In this course, we will consider the international dimensions of gender, sex and violence, largely within the context of war and conflict. Both academic scholarship and current policy debates are informed by powerful—and often unquestioned—assumptions about sex, gender and violence. Recent research has started to challenge some of these ideas, and policymakers are responding with calls for better data, increased attention to long-hidden problems, and new strategies to confront these difficult problems. In the course, we begin with a review of theoretical constructs, then turn to a series of policy relevant questions on the politics of sex, gender, and violence. Topics that we will cover include gendered causes and consequences of war (e.g., Does gender inequality cause conflict? Are women leaders more peaceful? What are the consequences of war for people of different genders?); gendered motivations for political violence; the regulation of sex and gender within armed groups, including the military, insurgencies and terrorist organizations; and wartime sexual violence. The course will include discussions of research design and implementation, as well as the implications of research on policy responses and interventions.
This module will focus on the challenging legal, policy and organizational issues ingrained in various approaches to the pressing public problem of sexual harassment in the workplace and on campus, including examination of the structures and interventions – successful and not - that organizations have developed to respond to that policy environment in practice. The goal is to provide students with an understanding of what is considered “sexual harassment” in the law , what are the actual experiences and career effects on those who have experienced it, what ...
When accepting the Oscar for Best Actress in 2015 Patricia Arquette said the following: 'The truth is, right under the surface, there are huge issues that are at play that do affect women, and it's time for all the women in America and all the men that love women and all the gay people and all the people of color that we all fought for to fight for us now.' This course examines why such statements are part of a larger and longer tradition of disappearing black women and why they are popular in the cultural zeitgeist.... Read more about Black Women's Voices in the #MeToo Era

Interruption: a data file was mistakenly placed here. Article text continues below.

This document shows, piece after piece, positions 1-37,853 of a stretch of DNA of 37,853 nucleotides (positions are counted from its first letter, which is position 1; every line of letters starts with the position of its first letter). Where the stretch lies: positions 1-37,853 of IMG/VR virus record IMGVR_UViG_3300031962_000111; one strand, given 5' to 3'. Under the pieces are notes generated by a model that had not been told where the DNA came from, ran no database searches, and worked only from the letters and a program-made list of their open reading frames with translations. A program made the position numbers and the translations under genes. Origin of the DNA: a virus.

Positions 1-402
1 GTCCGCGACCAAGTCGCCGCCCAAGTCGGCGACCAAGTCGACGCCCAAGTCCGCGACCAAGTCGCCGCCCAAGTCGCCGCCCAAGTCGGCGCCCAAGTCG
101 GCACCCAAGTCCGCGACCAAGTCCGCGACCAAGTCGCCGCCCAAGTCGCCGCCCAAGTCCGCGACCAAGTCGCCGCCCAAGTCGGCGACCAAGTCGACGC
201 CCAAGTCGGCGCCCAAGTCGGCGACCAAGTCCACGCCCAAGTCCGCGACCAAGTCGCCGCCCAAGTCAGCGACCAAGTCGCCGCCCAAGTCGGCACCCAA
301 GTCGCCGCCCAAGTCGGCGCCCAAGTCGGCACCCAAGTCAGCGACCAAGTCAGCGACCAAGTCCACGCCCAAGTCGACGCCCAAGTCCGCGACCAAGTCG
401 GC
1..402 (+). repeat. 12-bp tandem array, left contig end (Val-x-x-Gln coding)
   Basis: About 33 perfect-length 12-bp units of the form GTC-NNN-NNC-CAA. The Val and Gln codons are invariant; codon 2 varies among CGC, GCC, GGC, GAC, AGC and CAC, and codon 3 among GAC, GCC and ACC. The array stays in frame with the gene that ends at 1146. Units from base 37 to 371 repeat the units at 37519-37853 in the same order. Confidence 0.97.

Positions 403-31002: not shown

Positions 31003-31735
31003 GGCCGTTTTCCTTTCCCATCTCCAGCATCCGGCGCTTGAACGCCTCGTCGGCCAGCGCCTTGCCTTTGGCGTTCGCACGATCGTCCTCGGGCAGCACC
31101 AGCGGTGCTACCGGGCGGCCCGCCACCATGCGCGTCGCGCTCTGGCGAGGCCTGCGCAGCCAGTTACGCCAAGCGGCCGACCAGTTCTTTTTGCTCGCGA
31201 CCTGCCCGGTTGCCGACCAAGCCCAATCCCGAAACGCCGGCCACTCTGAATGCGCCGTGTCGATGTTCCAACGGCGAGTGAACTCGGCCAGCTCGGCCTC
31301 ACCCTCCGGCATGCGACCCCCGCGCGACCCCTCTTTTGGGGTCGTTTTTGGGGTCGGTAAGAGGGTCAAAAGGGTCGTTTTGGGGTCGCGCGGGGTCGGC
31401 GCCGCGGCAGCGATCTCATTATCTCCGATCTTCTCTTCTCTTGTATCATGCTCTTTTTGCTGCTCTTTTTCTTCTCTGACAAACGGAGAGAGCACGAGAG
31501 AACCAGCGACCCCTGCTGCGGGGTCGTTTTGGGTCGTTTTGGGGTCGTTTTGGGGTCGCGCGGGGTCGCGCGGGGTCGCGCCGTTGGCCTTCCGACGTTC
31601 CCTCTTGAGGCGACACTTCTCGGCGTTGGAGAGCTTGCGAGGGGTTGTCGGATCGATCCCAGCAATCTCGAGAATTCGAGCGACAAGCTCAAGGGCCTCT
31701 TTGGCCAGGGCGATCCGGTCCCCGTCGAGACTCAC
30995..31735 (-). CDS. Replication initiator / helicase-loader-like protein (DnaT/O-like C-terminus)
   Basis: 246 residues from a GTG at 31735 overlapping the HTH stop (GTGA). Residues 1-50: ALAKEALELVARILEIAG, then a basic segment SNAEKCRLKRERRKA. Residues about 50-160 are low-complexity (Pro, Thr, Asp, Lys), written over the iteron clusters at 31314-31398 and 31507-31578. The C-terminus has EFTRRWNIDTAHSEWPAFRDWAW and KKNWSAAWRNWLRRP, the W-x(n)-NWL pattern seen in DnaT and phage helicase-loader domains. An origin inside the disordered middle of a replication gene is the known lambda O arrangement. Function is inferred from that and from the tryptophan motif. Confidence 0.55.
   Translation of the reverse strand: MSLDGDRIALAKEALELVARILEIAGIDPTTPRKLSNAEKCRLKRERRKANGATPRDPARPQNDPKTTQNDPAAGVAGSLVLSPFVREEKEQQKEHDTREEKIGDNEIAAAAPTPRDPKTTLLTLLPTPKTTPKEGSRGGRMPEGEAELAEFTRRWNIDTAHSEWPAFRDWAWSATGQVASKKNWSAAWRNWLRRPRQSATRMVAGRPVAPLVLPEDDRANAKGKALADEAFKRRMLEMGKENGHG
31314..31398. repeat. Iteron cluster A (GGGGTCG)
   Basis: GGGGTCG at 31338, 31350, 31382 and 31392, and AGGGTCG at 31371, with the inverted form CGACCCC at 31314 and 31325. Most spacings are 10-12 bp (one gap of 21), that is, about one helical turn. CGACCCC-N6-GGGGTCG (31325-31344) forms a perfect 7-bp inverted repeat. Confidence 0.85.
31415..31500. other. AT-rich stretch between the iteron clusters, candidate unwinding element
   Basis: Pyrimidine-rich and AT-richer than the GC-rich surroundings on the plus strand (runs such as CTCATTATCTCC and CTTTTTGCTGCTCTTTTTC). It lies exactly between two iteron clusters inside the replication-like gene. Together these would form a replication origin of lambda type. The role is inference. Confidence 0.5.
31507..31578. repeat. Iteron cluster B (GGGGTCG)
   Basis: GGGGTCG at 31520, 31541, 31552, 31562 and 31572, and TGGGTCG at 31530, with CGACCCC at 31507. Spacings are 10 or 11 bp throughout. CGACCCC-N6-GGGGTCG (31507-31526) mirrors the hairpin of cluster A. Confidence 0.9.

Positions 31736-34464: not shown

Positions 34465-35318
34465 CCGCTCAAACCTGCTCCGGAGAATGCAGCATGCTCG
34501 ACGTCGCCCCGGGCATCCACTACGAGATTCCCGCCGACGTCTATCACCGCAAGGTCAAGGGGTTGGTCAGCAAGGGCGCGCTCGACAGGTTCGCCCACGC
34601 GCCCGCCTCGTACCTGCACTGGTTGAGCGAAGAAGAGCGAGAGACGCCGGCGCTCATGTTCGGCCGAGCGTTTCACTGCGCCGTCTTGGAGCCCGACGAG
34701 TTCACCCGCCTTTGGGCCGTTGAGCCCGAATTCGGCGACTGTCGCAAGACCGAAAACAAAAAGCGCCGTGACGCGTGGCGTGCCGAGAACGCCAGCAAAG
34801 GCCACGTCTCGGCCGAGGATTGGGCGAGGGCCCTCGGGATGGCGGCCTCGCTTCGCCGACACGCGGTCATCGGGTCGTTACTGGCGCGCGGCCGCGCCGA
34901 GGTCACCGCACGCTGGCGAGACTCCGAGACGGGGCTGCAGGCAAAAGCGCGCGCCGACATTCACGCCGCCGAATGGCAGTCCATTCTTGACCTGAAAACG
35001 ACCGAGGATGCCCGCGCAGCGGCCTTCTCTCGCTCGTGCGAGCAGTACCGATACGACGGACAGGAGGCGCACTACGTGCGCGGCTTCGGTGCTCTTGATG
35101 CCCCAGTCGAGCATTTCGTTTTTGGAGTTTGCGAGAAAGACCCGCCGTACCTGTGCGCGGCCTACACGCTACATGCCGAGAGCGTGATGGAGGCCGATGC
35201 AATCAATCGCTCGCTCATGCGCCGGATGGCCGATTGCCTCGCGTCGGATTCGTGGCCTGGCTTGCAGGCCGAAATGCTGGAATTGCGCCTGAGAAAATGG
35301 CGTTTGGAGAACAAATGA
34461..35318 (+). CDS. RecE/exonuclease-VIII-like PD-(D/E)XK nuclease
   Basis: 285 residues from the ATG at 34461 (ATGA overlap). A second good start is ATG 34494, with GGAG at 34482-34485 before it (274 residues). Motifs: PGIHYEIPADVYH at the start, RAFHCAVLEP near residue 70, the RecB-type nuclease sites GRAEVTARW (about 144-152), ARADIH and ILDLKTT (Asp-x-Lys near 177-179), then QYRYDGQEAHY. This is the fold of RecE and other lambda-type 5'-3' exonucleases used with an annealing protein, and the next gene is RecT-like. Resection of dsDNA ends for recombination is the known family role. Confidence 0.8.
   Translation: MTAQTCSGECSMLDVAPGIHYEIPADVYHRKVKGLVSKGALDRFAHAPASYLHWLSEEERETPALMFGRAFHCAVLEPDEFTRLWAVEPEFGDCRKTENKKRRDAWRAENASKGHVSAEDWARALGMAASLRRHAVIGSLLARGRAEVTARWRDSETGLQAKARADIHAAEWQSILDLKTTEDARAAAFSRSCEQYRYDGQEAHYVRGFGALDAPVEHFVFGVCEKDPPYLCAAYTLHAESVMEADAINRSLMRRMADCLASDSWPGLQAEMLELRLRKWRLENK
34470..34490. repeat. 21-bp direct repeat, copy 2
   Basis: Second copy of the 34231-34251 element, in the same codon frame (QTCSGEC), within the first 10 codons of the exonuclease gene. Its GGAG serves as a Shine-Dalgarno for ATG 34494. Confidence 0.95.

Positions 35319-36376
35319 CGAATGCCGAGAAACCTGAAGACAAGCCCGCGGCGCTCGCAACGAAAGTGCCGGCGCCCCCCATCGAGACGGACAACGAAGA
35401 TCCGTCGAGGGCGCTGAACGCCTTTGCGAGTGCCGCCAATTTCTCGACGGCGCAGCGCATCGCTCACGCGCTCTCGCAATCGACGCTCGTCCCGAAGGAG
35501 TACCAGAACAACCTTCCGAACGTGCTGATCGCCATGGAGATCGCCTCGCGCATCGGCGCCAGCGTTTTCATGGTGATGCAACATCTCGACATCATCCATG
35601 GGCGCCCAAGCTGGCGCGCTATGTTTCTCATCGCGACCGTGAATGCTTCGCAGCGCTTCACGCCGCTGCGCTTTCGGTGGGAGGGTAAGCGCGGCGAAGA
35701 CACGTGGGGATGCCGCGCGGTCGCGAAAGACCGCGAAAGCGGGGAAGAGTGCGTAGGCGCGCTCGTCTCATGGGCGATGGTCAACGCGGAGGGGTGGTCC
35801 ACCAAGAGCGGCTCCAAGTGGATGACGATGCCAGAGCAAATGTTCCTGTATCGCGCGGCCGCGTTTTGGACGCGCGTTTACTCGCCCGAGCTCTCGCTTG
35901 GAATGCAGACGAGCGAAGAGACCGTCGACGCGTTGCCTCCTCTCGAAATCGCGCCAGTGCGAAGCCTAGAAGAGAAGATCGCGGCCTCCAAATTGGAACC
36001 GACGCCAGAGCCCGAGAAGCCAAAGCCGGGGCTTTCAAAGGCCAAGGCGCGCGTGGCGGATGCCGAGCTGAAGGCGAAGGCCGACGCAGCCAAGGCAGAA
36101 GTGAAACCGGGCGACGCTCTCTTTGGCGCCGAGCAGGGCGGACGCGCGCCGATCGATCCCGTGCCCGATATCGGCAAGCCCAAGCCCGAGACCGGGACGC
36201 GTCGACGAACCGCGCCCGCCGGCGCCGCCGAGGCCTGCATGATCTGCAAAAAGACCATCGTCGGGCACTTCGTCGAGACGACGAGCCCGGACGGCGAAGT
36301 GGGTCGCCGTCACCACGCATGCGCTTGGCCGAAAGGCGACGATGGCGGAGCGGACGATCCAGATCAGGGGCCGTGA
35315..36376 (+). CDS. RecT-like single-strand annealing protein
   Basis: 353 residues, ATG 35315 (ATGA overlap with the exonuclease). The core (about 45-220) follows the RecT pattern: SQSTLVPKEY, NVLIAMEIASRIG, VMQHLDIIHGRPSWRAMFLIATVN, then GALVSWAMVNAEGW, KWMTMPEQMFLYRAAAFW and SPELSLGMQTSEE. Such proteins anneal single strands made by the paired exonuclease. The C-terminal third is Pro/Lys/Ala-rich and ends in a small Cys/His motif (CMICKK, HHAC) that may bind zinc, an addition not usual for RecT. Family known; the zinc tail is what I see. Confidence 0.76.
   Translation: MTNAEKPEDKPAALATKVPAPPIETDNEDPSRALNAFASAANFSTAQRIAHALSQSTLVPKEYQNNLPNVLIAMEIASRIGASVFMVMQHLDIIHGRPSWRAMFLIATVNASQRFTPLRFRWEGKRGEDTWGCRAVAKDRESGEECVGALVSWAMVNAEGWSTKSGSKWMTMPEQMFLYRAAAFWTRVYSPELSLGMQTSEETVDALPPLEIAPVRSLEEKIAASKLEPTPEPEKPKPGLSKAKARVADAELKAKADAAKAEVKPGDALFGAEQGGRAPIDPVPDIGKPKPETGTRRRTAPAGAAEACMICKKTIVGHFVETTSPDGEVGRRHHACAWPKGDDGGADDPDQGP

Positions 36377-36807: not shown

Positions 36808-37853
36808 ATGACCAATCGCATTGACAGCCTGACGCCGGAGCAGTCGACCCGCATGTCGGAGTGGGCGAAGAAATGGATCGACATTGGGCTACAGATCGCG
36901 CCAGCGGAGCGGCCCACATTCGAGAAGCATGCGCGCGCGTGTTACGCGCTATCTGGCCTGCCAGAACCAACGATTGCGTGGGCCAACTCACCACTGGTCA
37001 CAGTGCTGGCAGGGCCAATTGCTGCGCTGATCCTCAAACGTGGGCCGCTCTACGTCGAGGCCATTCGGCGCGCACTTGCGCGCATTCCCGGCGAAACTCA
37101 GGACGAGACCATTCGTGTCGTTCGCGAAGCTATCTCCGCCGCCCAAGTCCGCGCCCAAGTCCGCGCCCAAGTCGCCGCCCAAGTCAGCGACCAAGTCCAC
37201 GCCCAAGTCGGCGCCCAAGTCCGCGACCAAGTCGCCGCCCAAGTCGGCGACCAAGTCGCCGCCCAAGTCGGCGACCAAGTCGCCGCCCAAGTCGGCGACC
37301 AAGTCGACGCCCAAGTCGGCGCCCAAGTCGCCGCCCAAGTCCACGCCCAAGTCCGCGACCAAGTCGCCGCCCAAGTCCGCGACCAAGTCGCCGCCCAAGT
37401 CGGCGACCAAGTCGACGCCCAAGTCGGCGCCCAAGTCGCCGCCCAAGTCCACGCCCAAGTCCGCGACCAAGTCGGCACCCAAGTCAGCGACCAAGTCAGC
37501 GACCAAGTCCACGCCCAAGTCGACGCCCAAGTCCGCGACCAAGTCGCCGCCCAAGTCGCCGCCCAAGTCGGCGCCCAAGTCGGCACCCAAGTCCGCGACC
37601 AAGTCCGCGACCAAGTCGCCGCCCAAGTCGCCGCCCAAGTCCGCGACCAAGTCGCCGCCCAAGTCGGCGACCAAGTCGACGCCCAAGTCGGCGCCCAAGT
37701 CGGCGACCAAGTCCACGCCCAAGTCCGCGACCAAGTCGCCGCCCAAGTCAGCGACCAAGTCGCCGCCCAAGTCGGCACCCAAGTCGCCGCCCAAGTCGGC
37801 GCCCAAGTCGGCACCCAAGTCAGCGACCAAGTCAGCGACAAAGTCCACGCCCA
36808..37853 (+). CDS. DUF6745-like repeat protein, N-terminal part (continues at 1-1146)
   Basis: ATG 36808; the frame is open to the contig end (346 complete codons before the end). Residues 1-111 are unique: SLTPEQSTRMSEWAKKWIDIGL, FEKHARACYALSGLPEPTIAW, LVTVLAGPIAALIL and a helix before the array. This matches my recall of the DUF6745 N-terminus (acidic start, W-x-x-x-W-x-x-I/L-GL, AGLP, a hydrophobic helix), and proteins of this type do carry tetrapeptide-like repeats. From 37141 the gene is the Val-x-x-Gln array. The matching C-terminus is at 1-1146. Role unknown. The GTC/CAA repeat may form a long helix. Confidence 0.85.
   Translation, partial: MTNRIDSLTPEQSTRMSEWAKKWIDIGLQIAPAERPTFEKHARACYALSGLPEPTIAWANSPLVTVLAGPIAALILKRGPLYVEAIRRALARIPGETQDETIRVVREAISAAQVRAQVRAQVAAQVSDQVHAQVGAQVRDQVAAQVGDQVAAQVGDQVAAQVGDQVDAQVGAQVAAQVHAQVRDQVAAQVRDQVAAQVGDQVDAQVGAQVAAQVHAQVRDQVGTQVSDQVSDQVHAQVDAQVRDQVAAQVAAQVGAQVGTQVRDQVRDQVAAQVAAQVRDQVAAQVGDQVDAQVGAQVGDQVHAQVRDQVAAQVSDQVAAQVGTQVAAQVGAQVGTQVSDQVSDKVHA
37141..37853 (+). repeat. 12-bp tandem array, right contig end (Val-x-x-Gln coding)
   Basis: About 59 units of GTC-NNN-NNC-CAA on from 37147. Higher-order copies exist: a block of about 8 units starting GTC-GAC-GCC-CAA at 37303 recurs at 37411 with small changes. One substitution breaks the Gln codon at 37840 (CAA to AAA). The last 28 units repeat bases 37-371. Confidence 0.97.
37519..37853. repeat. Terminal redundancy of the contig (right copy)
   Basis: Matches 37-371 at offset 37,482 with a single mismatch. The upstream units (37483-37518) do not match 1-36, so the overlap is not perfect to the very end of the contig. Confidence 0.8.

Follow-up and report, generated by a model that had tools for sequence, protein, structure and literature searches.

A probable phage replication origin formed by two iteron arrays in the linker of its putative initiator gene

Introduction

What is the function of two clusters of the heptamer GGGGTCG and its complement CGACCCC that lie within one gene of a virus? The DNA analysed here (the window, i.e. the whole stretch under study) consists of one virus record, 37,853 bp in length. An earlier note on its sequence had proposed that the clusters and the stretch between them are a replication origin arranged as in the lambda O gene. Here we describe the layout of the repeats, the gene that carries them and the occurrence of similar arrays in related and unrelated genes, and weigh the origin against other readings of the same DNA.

With globalization, sex-everywhere-has become more central to who we are as citizens and consumers, how we gain rights and resources, and how we relate to others as members of a specific race, ethnicity, region, or culture. Worldwide, states invest or disinvest in people according to how they have sex, adopt gender identities, or sustain sexual morality.... Read more about Sex, Money, and Power in the Postcolonial World
Feminism shapes the world we live in today. Debates about women's and sexual rights define almost every public debate today -- from sexual harassment, to electoral politics, to development, public health, human rights, and political protest. But when, and where, did ideas of women's equal rights and liberation emerge? This course digs into the deep history of feminism from a global perspective.... Read more about Global Feminisms